RIM officially starts the domino effect...

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posted on Apr, 8 2012 @ 02:06 PM
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I have seen similar RIM threads but not one about this announcement. I searched so I apologize in advance if I missed it and hopefully I'm in the right forum but if not, please move.

RIM gives India access to BlackBerry messages



After a battle lasting almost two years, BlackBerry maker Research In Motion has knuckled under to the Indian government, giving security forces in that country access to private instant messages. Experts say the change, first reported in the newsmagazine India Today, could lead to similar access for other spy agencies and government bodies around the world — if they don’t already have it. “Are they really going to do this for India, but not for Pakistan or China? Are they going to do this for Saudi Arabia, but not for Israel? That puts them in an uncomfortable position,” said David Fraser, a privacy law specialist at Halifax-based firm McInnes Cooper and past president of the Canadian IT Law Association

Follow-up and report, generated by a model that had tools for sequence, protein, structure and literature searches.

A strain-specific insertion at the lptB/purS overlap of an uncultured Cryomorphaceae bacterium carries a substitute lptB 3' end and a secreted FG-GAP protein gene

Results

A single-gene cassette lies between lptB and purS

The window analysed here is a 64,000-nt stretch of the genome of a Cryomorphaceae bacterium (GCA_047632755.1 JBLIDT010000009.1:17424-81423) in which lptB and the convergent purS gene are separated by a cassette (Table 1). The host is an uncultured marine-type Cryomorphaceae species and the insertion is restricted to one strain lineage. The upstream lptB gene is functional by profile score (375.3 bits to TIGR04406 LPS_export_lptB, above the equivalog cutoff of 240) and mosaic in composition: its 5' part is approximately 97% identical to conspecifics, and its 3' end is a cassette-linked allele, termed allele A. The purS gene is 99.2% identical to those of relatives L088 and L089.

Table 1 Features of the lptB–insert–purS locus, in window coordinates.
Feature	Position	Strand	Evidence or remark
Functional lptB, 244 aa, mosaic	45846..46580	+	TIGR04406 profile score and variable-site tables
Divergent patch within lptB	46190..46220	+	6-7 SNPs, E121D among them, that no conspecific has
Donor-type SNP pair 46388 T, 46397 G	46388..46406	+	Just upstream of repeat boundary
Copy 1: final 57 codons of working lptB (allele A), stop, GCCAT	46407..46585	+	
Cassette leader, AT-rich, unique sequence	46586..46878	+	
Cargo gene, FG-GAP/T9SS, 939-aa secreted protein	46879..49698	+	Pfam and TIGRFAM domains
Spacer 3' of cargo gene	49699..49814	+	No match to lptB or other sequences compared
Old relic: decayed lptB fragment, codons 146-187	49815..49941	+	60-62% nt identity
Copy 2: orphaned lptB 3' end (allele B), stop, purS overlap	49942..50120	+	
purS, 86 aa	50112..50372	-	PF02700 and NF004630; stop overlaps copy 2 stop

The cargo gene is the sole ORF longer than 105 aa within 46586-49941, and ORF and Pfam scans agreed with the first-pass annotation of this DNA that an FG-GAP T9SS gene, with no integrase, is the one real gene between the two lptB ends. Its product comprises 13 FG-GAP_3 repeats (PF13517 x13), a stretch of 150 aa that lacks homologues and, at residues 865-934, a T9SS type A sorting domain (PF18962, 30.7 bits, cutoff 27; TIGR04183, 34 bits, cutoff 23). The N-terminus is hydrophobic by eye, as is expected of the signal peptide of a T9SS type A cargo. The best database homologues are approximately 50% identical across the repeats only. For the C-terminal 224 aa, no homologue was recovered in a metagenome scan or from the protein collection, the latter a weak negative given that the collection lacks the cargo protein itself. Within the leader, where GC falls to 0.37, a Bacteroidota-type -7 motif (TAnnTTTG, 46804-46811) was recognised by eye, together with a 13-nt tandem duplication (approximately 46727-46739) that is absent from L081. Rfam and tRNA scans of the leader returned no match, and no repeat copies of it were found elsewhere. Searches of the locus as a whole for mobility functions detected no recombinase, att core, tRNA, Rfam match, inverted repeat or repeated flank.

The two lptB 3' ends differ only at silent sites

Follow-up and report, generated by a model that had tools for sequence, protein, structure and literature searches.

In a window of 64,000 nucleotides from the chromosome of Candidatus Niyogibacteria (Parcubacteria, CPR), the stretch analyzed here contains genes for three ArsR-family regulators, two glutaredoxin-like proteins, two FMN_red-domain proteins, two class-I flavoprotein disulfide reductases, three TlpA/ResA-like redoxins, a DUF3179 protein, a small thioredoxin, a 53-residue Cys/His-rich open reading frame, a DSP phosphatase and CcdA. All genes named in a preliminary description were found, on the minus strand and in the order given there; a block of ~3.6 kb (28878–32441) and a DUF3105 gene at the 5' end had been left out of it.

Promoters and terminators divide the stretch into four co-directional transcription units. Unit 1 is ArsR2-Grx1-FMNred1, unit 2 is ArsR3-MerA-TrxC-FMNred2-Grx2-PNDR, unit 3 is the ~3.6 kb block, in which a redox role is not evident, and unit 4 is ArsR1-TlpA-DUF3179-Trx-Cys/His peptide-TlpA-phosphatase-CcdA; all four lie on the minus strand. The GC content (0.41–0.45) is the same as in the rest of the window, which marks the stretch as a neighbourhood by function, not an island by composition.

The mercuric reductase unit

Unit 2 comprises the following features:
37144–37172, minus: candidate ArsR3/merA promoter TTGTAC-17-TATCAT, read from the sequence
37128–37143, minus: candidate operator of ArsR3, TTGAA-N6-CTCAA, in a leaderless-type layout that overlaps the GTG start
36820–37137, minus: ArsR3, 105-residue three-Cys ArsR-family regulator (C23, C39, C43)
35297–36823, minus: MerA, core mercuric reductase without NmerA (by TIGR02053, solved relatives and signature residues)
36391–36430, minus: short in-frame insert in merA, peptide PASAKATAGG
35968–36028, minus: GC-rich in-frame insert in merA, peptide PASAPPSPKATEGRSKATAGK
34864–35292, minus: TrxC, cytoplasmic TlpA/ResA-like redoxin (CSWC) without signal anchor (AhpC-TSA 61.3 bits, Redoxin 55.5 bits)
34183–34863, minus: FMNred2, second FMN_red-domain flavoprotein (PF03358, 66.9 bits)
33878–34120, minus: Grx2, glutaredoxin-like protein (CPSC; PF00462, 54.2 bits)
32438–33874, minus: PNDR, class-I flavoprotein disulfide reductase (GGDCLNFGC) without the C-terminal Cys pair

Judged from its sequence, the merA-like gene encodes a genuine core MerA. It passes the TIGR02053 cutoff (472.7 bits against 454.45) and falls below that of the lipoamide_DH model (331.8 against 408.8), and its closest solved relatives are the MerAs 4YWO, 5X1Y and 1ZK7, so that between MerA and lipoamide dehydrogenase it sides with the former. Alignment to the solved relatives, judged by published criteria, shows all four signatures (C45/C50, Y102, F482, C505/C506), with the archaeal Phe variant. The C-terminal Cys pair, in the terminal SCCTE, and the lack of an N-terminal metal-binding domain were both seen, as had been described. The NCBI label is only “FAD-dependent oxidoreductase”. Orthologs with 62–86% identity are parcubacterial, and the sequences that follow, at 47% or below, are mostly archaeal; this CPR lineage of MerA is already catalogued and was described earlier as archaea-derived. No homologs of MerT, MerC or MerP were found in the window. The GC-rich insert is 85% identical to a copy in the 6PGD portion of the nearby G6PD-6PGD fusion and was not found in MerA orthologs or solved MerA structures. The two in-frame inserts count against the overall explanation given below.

Source: www.thestar.com...

The article discusses some of the implications of this announcement but I'm more interested in hearing from the ATS community as to what this means to them and the average citizen? Please provide your thoughts/predictions.

edit on 8-4-2012 by Ericthenewbie because: source link
edit on 8-4-2012 by Ericthenewbie because: (no reason given)




posted on Apr, 8 2012 @ 02:12 PM
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if i remember correctly all they are doing is putting a few servers inside the countries national boundaries as it then allows that nation to use its laws on the servers as it see's fit and removes all the hassle of them going after encryption keys etc so all in all its basically saying that RIM will slap a server or two inside your nationallity and let you do whatever you like to it



posted on Apr, 8 2012 @ 02:17 PM
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Not like it matters, the NSA is already building a giant facility in Utah to collect and analyze all information as it zips through various channels of communication:

NSA Spy Lab



posted on Apr, 8 2012 @ 02:27 PM
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reply to post by Maxatoria